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EC's Price top orator, leader in 19th Century

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Joseph Charles Price

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By BEN SPELLER

Sunday, June 3, 2018

Joseph Charles Price, an African American native of Elizabeth City, was considered one of the greatest orators of the nineteenth century. The London Times called him the “World’s Orator.”

By the time of his early death at the age of 39, he was a world recognized orator, president and founder of Livingstone College in Salisbury and an education and political leader of African Americans in the south.

Joseph Charles Price was born free in Elizabeth City on Feb. 10, 1854, to a slave father, Charles Dozier, a ship's carpenter, and a free mother, Emily Pailin. Since Price’s mother was a free woman, he also was a free child. Dozier was sold and sent to Baltimore and Emily married a man named David Price, whose name Joseph took.

In 1863, he moved with his mother to New Bern which was a haven to free blacks after it was occupied during the Civil War. Price attended the Boston Society’s St. Cyprian Episcopal School, which was known as the Lowell Normal School of New Bern. In 1871, Price married Jennie Smallwood of New Bern. The couple, who had known each other since childhood, had five children, William, Louise, Alma, Joseph, and Josephine.

In 1871 Price began his career in Wilson as a public-school teacher. After teaching for four years, he enrolled in Shaw University. While at Shaw University he joined the African Methodist Episcopal Zion (AMEZ) Church and was granted a license to preach. He then transferred to Lincoln University in Pennsylvania to pursue a degree in the classics. He graduated valedictorian at Lincoln in 1879.

He enrolled in the Department of Theology and was awarded a professional degree in 1881. In 1880 he was an AME Zion delegate to the Methodist Episcopal General Conference in Montgomery, Ala., and in September 1881 was a delegate to the Ecumenical Conference in London England. He remained in England for one year raising funds for the Zion Wesley Institute which would be used to establish Livingstone College in Salisbury.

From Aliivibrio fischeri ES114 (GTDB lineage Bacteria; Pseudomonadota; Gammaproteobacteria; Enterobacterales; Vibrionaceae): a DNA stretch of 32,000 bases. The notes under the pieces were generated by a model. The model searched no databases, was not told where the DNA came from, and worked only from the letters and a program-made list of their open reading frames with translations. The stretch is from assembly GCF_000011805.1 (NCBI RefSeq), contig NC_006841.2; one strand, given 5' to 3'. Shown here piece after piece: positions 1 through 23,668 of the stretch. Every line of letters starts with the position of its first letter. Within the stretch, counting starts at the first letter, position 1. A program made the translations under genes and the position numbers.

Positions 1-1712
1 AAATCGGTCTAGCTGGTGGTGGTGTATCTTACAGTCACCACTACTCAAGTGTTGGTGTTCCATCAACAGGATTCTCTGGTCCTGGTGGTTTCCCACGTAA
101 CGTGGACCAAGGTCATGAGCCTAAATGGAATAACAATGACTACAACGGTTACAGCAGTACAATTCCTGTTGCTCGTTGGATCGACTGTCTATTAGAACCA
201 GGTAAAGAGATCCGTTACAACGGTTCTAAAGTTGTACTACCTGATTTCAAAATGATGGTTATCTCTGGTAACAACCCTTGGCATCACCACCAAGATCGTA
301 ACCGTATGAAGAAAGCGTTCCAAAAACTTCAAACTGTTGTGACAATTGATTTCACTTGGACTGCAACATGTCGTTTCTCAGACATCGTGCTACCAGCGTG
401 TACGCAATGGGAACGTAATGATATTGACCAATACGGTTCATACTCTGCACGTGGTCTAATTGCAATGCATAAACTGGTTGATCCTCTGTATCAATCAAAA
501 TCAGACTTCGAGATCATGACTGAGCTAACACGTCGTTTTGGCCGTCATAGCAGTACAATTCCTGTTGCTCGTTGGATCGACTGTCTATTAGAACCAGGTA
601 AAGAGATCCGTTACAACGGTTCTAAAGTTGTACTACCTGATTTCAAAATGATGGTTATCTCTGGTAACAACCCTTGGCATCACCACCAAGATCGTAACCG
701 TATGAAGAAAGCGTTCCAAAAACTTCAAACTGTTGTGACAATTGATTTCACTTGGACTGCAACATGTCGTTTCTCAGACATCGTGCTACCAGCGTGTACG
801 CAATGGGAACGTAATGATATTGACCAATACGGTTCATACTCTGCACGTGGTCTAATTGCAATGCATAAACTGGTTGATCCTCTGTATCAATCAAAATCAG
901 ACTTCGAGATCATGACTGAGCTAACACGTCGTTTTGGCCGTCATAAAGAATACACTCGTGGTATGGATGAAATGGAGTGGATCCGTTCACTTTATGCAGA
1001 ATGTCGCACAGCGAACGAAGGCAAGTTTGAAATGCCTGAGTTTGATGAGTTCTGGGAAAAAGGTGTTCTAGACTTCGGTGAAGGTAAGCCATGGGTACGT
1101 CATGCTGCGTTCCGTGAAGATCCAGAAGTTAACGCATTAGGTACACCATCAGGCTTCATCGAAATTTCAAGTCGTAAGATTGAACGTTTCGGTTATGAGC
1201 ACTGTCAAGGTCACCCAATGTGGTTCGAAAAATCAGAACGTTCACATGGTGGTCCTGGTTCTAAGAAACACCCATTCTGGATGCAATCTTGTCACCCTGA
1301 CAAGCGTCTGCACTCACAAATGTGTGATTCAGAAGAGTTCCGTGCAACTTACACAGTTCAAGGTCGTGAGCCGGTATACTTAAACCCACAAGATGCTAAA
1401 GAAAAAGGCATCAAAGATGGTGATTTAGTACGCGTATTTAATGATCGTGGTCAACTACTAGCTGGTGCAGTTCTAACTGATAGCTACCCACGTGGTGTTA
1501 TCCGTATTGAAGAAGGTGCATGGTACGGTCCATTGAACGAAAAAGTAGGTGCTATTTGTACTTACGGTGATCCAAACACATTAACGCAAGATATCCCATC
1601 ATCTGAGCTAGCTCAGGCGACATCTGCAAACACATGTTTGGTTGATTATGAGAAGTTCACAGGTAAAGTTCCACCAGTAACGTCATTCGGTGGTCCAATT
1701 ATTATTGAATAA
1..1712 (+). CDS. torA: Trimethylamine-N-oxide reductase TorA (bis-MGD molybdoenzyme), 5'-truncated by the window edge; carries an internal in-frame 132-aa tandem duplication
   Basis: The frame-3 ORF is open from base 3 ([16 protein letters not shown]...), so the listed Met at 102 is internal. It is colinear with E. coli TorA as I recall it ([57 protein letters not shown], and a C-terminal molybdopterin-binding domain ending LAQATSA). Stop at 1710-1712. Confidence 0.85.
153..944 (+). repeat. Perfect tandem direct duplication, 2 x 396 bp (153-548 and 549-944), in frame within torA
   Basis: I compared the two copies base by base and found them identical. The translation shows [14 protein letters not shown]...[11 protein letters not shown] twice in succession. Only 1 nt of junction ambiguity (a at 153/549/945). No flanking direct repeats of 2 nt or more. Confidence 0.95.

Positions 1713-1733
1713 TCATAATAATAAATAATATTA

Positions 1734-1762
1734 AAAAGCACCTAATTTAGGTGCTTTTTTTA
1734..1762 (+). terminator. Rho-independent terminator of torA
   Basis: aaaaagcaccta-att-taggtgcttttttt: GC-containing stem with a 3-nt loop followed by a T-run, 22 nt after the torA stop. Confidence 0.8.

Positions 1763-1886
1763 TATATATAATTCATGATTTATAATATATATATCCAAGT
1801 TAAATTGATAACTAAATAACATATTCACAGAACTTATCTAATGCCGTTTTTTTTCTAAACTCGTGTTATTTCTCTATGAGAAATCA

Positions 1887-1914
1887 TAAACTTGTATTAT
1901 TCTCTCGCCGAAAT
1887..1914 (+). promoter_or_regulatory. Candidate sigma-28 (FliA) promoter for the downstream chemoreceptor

His fundraising patrons in the United States for Livingstone College included the following entrepreneurs: William E. Dodge, Alexander Walters, Senator Leland Stanford, Mark Hopkin, Jr., Mary Ellen Pleasant, and Steven V. White. In 1882, Price was installed as president and professor of Livingstone College. As president he continued his work as a preacher and leader in the African Methodist Episcopal Zion domination.

Price was active in national, state, and local Republican politics. In 1888, President Grover Gleveland asked Price to serve as minister to Liberia, but Price felt he could do more by staying at Livingstone College. By infusing politics and civil rights, Price was less conciliatory than Booker T. Washington.

He stated that blacks were willing to cooperate and live peaceably with southern whites, but not at the cost of their own freedom of constitutional guarantees. He wrote that, “A compromise that reverses the Declaration of Independence, nullifies the national constitution, and is contrary to the genius of this republic, ought not to be asked of any race living under the stars and stripes; and if asked, ought not to be granted.”

Price’s activist, black education, and civil rights roles ended abruptly in 1893, when he contracted and died of Bright’s disease at age 39. He was buried on the campus of Livingstone College.

“W.E.B.” Du Bois, August Meier, and others felt that it was the leadership vacuum created by Price’s death into which Booker T. Washington moved, and that had he lived, the influence and reputation of Joseph Charles Price would have been as great or greater than that achieved by Washington.

Ben Speller, PhD, is Retired Dean and Professor, North Carolina Central University School of Library and Information Sciences, Durham, North Carolina. He is President of the Friends of the Museum of the Albemarle and Chair of the History and Legends Committee, Edenton Historical Commission.

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